“I also think we’ll see a sweep of nimble digital and social-first brand campaigns over Q4, looking to give back and uplift the nation’s spirits through sentimental, but ultimately safe, campaigns. Humour will be a much-needed antidote in these tough times, but crafting these campaigns will need to be careful and measured – and I think only the bravest brands will play in this space.
“Brits can be a cynical bunch. We want awe and wonder from festive campaigns, but also don’t want the Fair Isle wool jumper pulled over our eyes.
“Multimillion-pound campaigns pushing themes of frugality and sincerity will not ‘win’ Christmas if the nation is literally going cold and hungry. Plus, throw in the drama of the footie, and spirits will be fragile and violently fluctuate from high to low as the tournament progresses.”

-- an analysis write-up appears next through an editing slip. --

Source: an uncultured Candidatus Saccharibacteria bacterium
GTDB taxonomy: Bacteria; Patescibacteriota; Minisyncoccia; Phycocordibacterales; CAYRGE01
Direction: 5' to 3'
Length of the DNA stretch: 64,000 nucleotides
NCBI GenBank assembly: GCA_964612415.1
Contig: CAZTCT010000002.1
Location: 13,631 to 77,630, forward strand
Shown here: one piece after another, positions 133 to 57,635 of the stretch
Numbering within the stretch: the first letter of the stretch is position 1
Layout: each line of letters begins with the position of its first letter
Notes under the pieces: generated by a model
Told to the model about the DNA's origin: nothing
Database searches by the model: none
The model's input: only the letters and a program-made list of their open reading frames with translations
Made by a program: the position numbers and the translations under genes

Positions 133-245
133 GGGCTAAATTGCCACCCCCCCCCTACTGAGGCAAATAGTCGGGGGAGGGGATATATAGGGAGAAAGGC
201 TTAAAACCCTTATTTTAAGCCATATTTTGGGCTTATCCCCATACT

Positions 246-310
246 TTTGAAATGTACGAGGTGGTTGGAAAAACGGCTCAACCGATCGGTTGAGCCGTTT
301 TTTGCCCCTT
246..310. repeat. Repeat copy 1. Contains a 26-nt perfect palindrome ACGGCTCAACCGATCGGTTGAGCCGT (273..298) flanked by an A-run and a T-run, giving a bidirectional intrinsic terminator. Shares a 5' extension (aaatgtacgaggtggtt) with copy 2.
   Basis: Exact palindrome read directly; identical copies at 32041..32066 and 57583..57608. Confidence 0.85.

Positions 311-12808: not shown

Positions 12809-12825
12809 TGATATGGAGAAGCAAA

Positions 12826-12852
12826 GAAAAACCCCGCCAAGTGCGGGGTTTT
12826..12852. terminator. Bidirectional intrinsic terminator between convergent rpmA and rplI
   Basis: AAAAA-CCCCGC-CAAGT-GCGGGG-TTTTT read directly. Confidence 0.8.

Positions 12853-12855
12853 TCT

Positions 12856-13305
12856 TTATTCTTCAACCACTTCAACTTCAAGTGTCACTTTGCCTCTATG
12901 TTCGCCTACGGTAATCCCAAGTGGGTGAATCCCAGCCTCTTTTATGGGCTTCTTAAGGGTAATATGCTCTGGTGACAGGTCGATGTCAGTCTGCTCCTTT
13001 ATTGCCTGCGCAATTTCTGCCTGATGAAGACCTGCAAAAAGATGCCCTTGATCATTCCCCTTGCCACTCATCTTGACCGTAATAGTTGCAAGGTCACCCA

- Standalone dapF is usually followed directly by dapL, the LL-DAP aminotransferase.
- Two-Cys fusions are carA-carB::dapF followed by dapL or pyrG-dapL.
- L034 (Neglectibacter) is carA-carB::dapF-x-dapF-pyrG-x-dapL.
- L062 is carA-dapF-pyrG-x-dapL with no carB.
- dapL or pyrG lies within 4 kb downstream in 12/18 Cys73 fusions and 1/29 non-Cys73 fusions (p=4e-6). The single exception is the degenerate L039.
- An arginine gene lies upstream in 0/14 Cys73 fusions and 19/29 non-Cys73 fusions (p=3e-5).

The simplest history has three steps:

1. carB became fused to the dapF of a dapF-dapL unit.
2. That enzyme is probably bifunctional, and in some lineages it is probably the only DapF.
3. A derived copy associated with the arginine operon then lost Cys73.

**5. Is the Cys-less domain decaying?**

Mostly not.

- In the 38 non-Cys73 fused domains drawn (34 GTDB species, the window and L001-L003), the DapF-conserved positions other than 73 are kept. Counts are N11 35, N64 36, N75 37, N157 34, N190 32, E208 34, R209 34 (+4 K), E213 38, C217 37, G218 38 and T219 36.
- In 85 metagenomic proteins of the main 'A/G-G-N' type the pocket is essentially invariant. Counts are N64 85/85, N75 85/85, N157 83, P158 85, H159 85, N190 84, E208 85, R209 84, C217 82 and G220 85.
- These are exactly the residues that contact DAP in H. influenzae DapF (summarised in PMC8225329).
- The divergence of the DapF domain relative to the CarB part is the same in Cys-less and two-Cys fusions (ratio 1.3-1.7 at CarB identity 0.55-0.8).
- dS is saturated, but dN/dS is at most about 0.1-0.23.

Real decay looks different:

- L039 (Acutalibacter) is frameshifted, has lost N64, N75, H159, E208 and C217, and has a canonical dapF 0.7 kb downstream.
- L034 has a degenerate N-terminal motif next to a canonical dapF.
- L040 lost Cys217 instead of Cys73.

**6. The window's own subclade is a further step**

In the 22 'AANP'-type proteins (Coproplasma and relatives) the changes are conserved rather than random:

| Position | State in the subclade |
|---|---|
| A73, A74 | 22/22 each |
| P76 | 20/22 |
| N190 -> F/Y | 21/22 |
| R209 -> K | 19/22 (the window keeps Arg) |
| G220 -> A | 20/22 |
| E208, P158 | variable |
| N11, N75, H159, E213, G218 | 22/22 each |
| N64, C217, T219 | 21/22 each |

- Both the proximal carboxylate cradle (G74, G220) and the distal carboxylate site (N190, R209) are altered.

‘Focus on the cost of living’ – Paul Stollery, creative director at Hard Numbers
“Brand messaging is often led by public opinion and the press. But with any crisis that’s the wrong way around. Most messaging this Christmas is likely to focus on the cost of living. However, if these campaigns aren’t built on top of tangible policies to support their customers through it, they risk a backlash.
“I suspect we’ll also see a divergence between brands willing to contribute to the political conversation and those who would rather stay clear. A saccharine campaign for a brand that doesn’t talk about the tough stuff isn’t going to be as effective as a campaign for a brand that’s tackled this head on.”
‘A skew towards tradition’ – Lora Martyr, creative director at Taylor Herring